July 05, 2005
Zabriskie falls out of yellow jersey, Armstrong takes the lead
his bike after fall
Discovery Channel turned in a strong performance, perhaps not as dominant as in recent years, but enough for the stage win, and to put Armstrong in yellow, as the TTT has the last couple of years. Their average speed of 57.31 km/hour smashes the old record held by Gewiss-Ballan from 1995, which was 54.93 km/hour. They finished with all 9 riders, underlining the top-to-bottom strength of their squad.
Organizers had added a rule after Gilberto Simoni slid into the barriers right at the end of last year's TTT, and finished 6 seconds behind his Saeco teammates. He was timed at 2:42 behind US Postal vs. 1:30 artificially capped for the rest of Saeco, so the new rule gives riders who fall in the last kilometer the same time as the group they were riding with. Unfortunately, Zabriskie's fall came outside of the last kilometer, so Zabriskie falls to 9th overall, 1:26 behind Armstrong.
T-Mobile rode a surprising strong ride, to take third on the day, and limit Jan Ullrich and Alexandre Vinokourov to 30 seconds lost on the stage. Vino is the most highly placed GC threat to Armstrong, at 1:21, but Ivan Basso is now at 1:26, and Ullrich at 1:36. T-Mobile came in with 6 riders together.
Phonak was (correction) 5th, capped at 50 seconds, so Floyd Landis drops to 1:50 back; Phonak finished with the minimum 5 riders.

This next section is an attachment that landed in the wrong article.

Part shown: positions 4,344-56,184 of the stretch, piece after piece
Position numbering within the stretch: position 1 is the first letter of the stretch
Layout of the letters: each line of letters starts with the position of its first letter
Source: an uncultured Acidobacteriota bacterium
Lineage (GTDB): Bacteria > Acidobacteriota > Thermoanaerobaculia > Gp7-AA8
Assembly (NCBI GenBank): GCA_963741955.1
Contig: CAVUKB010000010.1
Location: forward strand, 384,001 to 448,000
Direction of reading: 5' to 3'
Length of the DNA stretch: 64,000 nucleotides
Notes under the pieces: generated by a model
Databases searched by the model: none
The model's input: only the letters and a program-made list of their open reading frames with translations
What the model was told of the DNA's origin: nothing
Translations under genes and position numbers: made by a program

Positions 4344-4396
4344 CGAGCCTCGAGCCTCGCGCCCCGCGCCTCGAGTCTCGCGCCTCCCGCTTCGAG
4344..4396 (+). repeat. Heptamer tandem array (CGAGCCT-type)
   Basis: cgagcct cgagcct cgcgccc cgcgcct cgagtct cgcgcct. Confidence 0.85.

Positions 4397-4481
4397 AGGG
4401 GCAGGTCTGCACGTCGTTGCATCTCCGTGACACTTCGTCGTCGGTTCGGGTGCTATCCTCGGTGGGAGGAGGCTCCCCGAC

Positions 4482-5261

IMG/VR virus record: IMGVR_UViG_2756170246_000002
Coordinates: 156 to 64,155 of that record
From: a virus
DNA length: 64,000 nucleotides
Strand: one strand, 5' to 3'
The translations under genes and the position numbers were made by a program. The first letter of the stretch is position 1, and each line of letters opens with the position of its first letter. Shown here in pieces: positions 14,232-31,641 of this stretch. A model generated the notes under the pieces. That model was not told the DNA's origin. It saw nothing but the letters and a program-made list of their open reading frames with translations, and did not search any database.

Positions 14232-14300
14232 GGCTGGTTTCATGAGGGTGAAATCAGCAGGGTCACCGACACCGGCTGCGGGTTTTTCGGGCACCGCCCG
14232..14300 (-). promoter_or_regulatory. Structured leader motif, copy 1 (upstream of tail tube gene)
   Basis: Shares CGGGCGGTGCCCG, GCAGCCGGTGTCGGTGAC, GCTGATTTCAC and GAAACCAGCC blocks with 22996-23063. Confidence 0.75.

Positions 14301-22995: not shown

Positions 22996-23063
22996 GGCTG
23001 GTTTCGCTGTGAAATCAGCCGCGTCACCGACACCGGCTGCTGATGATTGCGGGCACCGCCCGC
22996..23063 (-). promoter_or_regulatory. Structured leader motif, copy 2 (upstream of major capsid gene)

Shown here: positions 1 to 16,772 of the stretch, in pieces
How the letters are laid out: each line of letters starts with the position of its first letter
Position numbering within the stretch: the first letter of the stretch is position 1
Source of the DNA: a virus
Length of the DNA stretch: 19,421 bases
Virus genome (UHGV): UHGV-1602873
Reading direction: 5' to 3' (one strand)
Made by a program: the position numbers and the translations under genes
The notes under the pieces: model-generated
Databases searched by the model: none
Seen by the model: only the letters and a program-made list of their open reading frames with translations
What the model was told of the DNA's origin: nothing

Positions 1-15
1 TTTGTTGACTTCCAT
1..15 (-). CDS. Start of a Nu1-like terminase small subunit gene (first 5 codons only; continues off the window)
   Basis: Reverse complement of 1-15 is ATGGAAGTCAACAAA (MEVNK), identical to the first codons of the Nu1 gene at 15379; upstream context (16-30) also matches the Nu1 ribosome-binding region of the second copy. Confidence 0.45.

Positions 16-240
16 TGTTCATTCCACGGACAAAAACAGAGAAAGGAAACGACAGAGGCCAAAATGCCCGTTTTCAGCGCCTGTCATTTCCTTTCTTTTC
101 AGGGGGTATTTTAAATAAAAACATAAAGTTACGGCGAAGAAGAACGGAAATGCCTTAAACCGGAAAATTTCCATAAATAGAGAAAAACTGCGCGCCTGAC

Gerolsteiner must be glad for the cap: without it, Levi Leipheimer would have lost 45 seconds more than the 80 seconds their 8th place gives them. He's now 2:31 off Armstrong's pace.
Posted by Frank Steele on July 5, 2005 in Alexandre Vinokourov, Dave Zabriskie, Floyd Landis, Gilberto Simoni, Ivan Basso, Jan Ullrich, Lance Armstrong, Levi Leipheimer, Stage results, Top Stories | Permalink
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Tracked on Jul 5, 2005 6:45:02 PM
Why are all those ads for yellow bracelets from ebay, hotyugioh, and business-something advertised on this web site? Are they real, does any of the money spent on these (as opposed to the original from Nike) bracelets go to cancer research?
Seems fishy to me.
Posted by: Caryl Baron at Jul 5, 2005 6:35:56 PM
I don't have any say over what displays in the Google AdSense box at left. They show different ads depending on the context of the page and other factors -- for instance, when there are a lot of doping stories, they may display ads for people looking for HGH or the like. You may see one set of ads, while I see a completely different set.
I've done a few stories on the LiveStrong bands (when they've hit new sales levels, or when Armstrong's appearance on Oprah spurred really heavy sales, and always link to the Lance Armstrong Foundation site (where you can order genuine LiveStrong bands for $1 each) when I do.
Posted by: Frank at Jul 5, 2005 7:07:31 PM
By the way, I tracked down one of the links you were talking about (something about yu-gi-oh), and it looks like their bands are legit, but $1.99 per, so they're selling them at a markup.
They also have dozens of other (non-LiveStrong) wristbands, so they're kind of a one-stop shop.
Posted by: Frank at Jul 5, 2005 7:21:39 PM
Can it be? Three days of the tour and Greg Lemond has yet to stat his bitching and moaning!
Posted by: Ivan at Jul 5, 2005 11:23:32 PM